Exposure to natural or chemical environmental agents contributes to HCC development (Wild, 2009). In this context, uncovering relationships between exposure to environmental carcinogens and expression of miRNAs may reveal practical and sensitive biomarkers of toxic exposures and/or carcinogenicity testing (Wang et al., 2009a). A few reports addressed this hypothesis and revealed the existence of differential miRNAs expression patterns in HCCs in accordance with specific risk factors suggesting that exposure to specific risk factors could be responsible for the appearance of characteristic pathogenetic miRNA signatures (Elamin et al., 2011).

Although the precise roles of miRNA in the response to xenobiotics, drugs and chemical toxicants, remain to be established, there is little doubt that miRNAs are important in the cellular and in vivo responses to xenobiotics (Taylor and Gant, 2008). At this time, no specific studies on the effect of AFB1 on miRNA expression have been reported.

The field of miRNA and toxicology, particularly as it pertains to AFB1 toxicological outcome, is still in its beginnings. Nonetheless, there seems to be an increasing interest among toxicologists trying to understand the contribution of miRNA in regulating various toxicological outcomes through regulation of gene expression. A number of questions need to be addressed, such as a global role of miRNAs in cellular toxicity and disease; how miRNA biogenesis and expression affect susceptibility/resistance to xenobiotic-induced toxicity or disease (Taylor and Gant, 2008); whether cellular miRNAs form a regulatory networks and how perturbations of such network can cause toxicity/disease including developmental toxicity; how miRNAs may regulate transgenerational toxicological response through epigenetic regulation of gene and genome expression; as well as whether homologous miRNAs can be identified in an animal species based on known miRNA species and their action in other species or even in plant kingdom (Choudhuri, 2010).

Until today specific microRNAs as markers for aflatoxin-exposure and their reliability are currently lacking. The following are some potential candidates based on their elucidated mechanisms of action.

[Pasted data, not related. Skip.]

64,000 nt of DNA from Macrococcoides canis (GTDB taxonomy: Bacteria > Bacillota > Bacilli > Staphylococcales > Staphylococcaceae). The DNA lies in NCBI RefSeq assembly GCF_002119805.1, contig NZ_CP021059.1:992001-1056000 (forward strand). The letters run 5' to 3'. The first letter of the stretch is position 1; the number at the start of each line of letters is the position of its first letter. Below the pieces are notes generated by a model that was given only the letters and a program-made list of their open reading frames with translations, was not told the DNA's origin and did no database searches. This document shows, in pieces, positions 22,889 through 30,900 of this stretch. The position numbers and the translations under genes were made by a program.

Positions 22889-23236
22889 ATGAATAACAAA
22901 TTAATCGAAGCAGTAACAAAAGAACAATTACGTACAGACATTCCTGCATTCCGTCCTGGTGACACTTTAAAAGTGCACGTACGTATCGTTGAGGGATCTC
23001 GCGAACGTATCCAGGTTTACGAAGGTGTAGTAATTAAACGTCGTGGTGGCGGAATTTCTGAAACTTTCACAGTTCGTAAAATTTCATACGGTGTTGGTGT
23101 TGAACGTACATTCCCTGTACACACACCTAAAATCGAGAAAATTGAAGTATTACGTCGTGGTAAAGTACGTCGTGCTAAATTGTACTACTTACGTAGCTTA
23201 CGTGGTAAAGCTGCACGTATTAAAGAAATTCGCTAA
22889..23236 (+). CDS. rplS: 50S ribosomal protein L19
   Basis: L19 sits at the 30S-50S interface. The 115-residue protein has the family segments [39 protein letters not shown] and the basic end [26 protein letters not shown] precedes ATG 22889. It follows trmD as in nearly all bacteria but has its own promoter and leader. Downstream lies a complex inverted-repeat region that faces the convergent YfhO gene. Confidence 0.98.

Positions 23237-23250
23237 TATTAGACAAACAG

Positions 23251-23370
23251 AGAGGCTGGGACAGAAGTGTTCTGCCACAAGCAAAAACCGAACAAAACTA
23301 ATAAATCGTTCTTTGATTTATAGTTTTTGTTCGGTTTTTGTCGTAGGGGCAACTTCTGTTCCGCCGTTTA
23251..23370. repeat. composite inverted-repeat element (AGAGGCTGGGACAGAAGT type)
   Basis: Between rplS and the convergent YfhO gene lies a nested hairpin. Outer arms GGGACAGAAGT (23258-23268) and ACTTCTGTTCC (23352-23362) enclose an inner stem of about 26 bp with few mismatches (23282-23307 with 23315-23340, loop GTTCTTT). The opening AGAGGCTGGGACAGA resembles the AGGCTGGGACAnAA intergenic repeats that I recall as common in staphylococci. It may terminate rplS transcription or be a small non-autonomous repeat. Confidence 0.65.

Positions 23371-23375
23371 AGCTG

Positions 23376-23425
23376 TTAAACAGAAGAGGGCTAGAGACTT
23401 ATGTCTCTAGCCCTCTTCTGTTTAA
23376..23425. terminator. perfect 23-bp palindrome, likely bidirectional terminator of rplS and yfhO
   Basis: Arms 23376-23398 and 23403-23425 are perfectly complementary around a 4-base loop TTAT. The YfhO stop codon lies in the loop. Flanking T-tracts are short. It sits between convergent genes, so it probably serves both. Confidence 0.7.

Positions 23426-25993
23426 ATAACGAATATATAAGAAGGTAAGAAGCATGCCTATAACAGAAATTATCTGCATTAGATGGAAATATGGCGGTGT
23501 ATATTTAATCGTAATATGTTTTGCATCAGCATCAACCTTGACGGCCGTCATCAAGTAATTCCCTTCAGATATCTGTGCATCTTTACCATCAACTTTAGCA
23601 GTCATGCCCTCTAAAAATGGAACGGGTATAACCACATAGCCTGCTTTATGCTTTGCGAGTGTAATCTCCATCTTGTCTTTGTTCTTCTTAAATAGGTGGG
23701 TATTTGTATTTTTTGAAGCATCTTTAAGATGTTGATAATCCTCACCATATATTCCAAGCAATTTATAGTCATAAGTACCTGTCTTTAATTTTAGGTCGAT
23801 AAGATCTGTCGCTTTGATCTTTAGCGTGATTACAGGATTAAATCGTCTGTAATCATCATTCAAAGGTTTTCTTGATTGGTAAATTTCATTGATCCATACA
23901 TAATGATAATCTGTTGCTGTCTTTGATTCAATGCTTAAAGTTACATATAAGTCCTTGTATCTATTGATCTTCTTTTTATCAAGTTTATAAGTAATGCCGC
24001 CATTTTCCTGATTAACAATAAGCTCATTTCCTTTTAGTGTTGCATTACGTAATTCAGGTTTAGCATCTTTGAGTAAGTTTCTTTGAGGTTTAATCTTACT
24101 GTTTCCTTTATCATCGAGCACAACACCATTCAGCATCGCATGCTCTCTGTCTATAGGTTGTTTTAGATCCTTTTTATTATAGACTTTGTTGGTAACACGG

The high expression of miR-122 in the liver appears to correlate with a central role in various functions of normal and diseased livers (Lewis and Jopling, 2010; Negrini et al., 2011). It provides a very attractive target for aflatoxins. Rather surprisingly, given the high intracellular levels and numerous targets of miR-122, inactivation of the miRNA does not have any apparent adverse effects on liver physiology. However, reduced miR-122 expression does show an association with hepatocellular carcinoma, and further work will be necessary. In HCC, miR-122 is downregulated in approximately 70% of cases, suggesting a tumor suppressor function for this miRNA (Bai et al., 2009; Fornari et al., 2009; Ma et al., 2010; Callegari et al., 2013). In addition, loss of miR-122 expression in patients with liver cancer is correlated with the presence of metastasis and a shorter time to recurrence (Coulouarn et al., 2009; Fornari et al., 2009; Tsai et al., 2009). The role of miR-122 in liver cancer has been demonstrated directly by the generation of miR-122 knockout mice (Hsu et al., 2012; Tsai et al., 2012) These mice were characterized by hepatic inflammation, fibrosis, and development of spontaneous tumors similar to HCC, demonstrating the tumor-suppressor function of this miRNA and its important role in liver metabolism and differentiation of hepatocytes (Jensen et al., 2003; Gramantieri et al., 2007; Lin et al., 2008; Bai et al., 2009; Fornari et al., 2009; Tsai et al., 2009; Callegari et al., 2013).